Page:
Tighter security the right decision
Laurels to Rowan County Sheriff Kevin Auten and other county officials for moving quickly to address security concerns at the Rowan County Magistrate’s Office after a prisoner escaped from the facility this week. A deputy brought Jameel Stephens-Maddox into the office Wednesday and handcuffed him to a metal bar in the prisoner holding area. As the deputy spoke with the magistrate, Stephens-Maddox worked his handcuffs off, ran from the building and made his way over a fence topped with razor wire. Stephens-Maddox then eluded a sizable contingent of officers and dogs looking for him and remains on the loose. On Thursday, Auten presented several security concerns at the magistrate’s office and asked for them to be addressed immediately. The county is already getting prices from contractors who provide fencing and other security for detention centers. And the sheriff’s office is also reviewing the actions of the deputies involved. In the wake of something that shouldn’t have happened, it’s good to see government taking action instead of trying to sweep it under the rug.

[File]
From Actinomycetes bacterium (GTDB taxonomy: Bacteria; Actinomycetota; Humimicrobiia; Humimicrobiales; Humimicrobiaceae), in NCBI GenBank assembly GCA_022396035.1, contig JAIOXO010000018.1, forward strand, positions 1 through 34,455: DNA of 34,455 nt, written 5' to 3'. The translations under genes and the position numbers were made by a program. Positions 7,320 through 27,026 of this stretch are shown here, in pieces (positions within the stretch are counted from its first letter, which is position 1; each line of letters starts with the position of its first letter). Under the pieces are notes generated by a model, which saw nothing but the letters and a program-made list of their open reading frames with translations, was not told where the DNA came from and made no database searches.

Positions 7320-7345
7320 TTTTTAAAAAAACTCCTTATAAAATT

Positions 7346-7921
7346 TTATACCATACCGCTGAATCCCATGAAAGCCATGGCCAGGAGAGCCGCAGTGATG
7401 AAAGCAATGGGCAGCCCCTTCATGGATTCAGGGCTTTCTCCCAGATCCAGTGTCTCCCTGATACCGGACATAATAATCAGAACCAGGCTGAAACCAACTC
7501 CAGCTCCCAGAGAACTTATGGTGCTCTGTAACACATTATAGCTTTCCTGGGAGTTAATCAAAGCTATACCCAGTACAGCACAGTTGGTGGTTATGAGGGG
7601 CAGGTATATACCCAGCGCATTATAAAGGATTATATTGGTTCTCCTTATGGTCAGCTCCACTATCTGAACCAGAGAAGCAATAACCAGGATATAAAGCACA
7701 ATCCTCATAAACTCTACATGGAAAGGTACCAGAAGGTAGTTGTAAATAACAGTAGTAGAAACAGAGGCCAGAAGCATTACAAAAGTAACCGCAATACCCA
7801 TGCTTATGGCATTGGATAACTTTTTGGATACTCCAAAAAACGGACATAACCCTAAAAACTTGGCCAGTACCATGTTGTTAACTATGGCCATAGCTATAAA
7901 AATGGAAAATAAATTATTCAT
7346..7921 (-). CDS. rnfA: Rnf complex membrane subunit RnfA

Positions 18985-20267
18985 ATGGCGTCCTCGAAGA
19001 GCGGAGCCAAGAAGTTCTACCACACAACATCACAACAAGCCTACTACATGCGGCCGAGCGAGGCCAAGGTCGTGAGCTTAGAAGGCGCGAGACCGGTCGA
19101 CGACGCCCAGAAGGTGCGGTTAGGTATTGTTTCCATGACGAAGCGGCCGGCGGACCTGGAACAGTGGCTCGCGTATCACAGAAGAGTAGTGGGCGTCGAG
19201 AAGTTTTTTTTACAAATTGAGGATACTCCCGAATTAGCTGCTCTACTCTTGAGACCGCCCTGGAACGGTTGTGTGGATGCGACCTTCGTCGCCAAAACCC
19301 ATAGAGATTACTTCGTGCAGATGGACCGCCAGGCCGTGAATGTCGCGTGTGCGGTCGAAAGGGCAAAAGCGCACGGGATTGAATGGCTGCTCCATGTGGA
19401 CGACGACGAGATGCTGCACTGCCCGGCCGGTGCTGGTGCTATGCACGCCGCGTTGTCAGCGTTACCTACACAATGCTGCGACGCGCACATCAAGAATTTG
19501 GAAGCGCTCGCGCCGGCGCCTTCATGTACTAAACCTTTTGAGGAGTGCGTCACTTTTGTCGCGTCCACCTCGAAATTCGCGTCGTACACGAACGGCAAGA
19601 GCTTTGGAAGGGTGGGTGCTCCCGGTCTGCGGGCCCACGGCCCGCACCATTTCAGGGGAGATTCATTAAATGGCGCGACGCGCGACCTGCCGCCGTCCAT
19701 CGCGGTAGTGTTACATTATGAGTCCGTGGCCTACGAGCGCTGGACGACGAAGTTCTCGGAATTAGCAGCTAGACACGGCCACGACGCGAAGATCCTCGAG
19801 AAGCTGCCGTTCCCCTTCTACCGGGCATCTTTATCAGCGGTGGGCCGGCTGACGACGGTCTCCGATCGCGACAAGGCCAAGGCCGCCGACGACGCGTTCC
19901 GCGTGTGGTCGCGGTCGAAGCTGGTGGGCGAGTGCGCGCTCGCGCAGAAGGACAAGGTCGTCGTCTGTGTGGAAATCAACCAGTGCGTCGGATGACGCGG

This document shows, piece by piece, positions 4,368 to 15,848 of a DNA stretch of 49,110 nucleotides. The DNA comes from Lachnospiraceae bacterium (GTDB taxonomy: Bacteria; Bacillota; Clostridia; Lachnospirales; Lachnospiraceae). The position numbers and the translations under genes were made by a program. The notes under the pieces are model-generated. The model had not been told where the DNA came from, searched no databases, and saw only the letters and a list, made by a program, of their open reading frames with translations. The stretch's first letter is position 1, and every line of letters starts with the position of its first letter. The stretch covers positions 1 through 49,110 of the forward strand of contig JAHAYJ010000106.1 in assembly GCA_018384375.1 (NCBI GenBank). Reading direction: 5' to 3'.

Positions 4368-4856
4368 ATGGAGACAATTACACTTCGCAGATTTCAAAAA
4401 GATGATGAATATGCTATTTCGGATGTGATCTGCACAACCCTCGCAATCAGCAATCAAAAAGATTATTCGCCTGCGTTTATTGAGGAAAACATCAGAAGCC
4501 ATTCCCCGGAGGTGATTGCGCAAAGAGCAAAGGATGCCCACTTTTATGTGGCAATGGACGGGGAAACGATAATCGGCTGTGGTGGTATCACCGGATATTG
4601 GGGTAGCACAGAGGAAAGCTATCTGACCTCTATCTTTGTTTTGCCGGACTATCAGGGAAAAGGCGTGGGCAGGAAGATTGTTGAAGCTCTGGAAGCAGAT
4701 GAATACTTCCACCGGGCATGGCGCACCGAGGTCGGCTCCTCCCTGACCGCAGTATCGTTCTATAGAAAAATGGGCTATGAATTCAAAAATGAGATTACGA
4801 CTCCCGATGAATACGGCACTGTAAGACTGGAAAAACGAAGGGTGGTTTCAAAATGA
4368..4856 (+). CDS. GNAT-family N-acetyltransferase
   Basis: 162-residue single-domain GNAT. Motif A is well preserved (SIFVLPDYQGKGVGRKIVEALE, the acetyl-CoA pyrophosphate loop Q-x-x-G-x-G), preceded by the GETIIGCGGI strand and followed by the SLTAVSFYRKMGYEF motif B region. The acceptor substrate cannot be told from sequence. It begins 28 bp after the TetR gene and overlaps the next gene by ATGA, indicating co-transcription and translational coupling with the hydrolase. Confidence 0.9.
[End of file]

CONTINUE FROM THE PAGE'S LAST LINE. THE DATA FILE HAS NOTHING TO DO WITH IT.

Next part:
Dart to ticks and mosquitoes, two summertime pests that can do a lot more than pester. They can make people very sick. In 2013, Rowan County had 13 reported cases apiece of tick-borne Rocky Mountain Spotted Fever and Lyme Disease. For each of those illnesses, two of the cases were confirmed, and at least one Rocky Mountain patient was hospitalized long-term with complications. Likewise, mosquitoes can do more than feed on you. They can leave behind viruses including West Nile and different forms of encephalitis, as well as a new one this year, chikungunya. These viruses can lead to life-threatening illnesses. Protect yourself. Learn how to avoid ticks — and the right way to remove them, if you must — and how to repel mosquitoes. It could mean a lot more than a more comfortable summer.
Laurels to the Community Care Clinic, the donors and volunteers who make dental care possible for people who would otherwise not have access to it. The clinic recently received a $5,500 check from insurance company Delta Dental of North Carolina to help pay for dental care. Delta Dental has given about $15,000 toward the effort so far. The clinic also got a grant from the Office of Rural Health to fund a part-time dental assistant position and increased hours for hygienists and dentists. But it’s not just money that keeps the clinic going. People like Dr. Vaughn Hendrix, who is paid for some of his time and volunteers more hours as he has since the 1990s, also make it possible. It all comes together so local residents who meet the agency’s income criteria can get treatment they need but couldn’t afford on their own.